Uganda's army has said that the country's rebel group, the Lord's Resistance Army (LRA), is no longer posing a threat in Central African Republic (CAR) – where the group fled under international military pressure.
Having earned a reputation for carrying out massacres and mutilating civilians, the LRA was forced out of Uganda about a decade ago and roamed across parts of Democratic Republic of Congo (DRC), South Sudan, eluding efforts to defeat them. It moved to Central African Republic following increasing military pressure.
On 19 April, the Uganda People's Defence Force (UPDF) – the country's armed forces – announced that is has begun pulling its forces out of the CAR, where it had been hunting members of Joseph Kony's LRA. Conditions for withdrawal was that the mission would successfully neutralise the LRA, according to Uganda's New Vision newspaper.
"Joseph Kony with less than 100 armed fighters is now weak and ineffective. He no longer poses any significant threat to Uganda's security and Northern Uganda in particular," the statement by army spokesperson Brigadier Richard Karemire, read.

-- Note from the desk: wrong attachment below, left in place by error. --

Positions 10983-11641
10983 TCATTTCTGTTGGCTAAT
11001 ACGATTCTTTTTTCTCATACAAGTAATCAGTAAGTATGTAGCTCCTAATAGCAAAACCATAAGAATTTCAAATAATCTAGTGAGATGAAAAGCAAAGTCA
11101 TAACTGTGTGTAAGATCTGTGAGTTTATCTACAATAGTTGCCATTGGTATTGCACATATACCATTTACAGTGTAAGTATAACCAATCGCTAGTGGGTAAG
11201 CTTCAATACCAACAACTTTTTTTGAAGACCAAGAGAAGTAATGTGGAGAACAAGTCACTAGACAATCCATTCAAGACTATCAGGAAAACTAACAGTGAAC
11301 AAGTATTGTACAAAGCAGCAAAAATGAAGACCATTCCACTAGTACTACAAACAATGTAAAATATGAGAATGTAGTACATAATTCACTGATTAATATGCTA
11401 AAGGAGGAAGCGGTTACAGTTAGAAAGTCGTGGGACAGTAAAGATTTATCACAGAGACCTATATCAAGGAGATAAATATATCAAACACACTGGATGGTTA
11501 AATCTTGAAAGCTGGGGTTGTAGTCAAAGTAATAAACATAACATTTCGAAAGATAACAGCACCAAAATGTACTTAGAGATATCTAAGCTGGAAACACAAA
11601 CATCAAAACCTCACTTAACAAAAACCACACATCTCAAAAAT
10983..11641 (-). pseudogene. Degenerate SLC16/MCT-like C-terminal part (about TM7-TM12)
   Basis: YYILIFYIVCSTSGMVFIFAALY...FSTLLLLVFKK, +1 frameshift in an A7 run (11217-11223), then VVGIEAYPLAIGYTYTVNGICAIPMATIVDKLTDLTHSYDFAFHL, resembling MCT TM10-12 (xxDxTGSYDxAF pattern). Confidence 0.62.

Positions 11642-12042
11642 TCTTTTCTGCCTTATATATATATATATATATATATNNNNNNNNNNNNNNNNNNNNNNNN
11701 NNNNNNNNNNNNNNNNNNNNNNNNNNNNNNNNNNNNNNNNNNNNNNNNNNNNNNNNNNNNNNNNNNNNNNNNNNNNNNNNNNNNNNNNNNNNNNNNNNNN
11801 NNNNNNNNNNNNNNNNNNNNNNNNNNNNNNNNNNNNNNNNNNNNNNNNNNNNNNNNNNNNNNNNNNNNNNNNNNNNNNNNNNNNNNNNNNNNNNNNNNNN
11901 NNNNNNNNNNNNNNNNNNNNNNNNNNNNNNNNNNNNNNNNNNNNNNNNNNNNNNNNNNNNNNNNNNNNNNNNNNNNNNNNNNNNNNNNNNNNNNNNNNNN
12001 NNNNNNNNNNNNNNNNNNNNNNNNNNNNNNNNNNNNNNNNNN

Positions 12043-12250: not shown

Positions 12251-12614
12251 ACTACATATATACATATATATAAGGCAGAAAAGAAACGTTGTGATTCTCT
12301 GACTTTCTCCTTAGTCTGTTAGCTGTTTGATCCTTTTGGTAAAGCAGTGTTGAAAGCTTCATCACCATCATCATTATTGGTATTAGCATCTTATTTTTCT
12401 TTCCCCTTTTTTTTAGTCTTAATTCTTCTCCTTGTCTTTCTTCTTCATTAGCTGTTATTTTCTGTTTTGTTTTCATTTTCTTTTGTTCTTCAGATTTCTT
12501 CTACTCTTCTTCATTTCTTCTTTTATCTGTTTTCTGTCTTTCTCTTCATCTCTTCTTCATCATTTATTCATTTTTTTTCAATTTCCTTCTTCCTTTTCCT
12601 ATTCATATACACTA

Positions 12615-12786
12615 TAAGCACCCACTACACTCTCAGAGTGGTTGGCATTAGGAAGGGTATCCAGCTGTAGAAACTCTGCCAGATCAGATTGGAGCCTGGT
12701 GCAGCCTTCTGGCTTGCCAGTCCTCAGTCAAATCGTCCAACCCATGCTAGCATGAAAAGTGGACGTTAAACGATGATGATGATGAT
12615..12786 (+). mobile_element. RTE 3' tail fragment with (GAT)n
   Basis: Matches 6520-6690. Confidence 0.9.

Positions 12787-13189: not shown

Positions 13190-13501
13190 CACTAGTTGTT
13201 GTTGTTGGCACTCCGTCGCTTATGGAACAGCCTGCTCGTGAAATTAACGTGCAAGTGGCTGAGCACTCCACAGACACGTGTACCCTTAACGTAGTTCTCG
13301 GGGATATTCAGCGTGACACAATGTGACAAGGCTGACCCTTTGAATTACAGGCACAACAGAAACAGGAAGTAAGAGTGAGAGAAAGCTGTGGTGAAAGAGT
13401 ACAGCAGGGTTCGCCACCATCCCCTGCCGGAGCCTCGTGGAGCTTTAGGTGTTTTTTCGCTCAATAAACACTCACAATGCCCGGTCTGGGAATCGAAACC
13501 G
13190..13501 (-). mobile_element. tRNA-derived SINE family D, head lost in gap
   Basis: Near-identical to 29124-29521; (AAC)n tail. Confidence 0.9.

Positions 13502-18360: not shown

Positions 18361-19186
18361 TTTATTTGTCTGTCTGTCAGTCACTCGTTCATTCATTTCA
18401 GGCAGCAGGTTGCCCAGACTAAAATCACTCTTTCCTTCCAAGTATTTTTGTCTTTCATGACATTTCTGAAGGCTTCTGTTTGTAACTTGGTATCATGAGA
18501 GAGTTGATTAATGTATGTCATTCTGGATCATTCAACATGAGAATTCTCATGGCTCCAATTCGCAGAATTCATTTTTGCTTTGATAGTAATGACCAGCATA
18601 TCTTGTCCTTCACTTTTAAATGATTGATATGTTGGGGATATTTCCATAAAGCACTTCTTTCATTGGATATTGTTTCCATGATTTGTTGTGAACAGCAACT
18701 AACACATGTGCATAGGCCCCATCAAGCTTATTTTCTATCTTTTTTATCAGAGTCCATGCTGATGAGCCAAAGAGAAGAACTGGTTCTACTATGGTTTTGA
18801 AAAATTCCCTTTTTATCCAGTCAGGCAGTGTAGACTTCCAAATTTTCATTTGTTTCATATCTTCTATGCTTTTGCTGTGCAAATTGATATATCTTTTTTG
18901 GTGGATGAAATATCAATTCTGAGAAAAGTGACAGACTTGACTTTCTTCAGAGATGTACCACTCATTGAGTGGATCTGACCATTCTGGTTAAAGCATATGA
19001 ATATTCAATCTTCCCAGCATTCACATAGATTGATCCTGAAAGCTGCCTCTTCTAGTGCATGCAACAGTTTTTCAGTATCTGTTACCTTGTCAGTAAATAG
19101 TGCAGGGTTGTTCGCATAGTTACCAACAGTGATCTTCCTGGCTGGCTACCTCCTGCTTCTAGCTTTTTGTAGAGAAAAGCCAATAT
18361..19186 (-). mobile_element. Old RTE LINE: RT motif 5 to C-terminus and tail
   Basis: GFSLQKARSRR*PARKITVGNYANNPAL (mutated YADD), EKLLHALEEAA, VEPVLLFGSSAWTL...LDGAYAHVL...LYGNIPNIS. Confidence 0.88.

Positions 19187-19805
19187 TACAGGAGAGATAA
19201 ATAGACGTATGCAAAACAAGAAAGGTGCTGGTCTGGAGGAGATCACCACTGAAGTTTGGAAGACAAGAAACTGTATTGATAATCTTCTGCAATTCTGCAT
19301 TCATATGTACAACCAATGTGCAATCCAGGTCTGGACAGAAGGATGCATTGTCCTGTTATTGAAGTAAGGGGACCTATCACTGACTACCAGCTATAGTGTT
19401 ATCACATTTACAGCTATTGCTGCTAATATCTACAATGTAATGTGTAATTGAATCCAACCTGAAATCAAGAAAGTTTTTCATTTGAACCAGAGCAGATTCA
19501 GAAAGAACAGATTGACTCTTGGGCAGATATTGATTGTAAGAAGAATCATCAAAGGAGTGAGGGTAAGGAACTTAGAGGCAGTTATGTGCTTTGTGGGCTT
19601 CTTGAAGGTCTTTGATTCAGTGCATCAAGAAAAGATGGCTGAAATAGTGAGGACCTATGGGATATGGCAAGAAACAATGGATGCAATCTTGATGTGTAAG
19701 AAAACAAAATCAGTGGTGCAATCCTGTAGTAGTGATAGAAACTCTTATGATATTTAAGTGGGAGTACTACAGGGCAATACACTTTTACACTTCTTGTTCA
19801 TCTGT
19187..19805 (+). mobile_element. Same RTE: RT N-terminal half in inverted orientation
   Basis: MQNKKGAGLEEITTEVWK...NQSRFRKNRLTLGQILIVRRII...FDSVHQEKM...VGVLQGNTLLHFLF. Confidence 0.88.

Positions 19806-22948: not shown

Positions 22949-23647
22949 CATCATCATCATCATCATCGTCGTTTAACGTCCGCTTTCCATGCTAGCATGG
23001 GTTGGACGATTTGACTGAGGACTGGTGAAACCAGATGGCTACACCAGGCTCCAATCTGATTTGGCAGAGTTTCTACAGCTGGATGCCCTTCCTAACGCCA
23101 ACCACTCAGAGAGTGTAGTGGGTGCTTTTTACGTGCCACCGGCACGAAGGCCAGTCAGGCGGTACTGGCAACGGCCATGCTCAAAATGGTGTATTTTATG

Who is the LRA?
The Lord's Resistance Army (LRA) rose up in northern Uganda – under the leadership of warlord Joseph Kony – against the government in the late 1980s.
The rebel group is notorious for having abducted tens of thousands of children to serve as fighters and sex slaves and has killed and wounded thousands of civilians.
A few years ago, the LRA had about 800 combatants. As the result of defection campaigns and operations conducted primarily by the Ugandan military – along with the support of the US – it was estimated to have about 200 combatants left by 2015.
"The UPDF operations have contributed significantly to the restoration of peace and tranquillity in big areas of the CAR."
With key senior commanders such as Dominic Ongwen captured and appearing on trial, Okot Odhiambo having been killed in 2015, and others surrendered, the UPDF said that the LRA's "capacity and means of making war against Uganda have been degraded".
Ongwen, 40, is charged with 70 counts of war crimes and crimes against humanity in northern Uganda, where the group originated. His International Criminal Court trial began on 6 December 2016.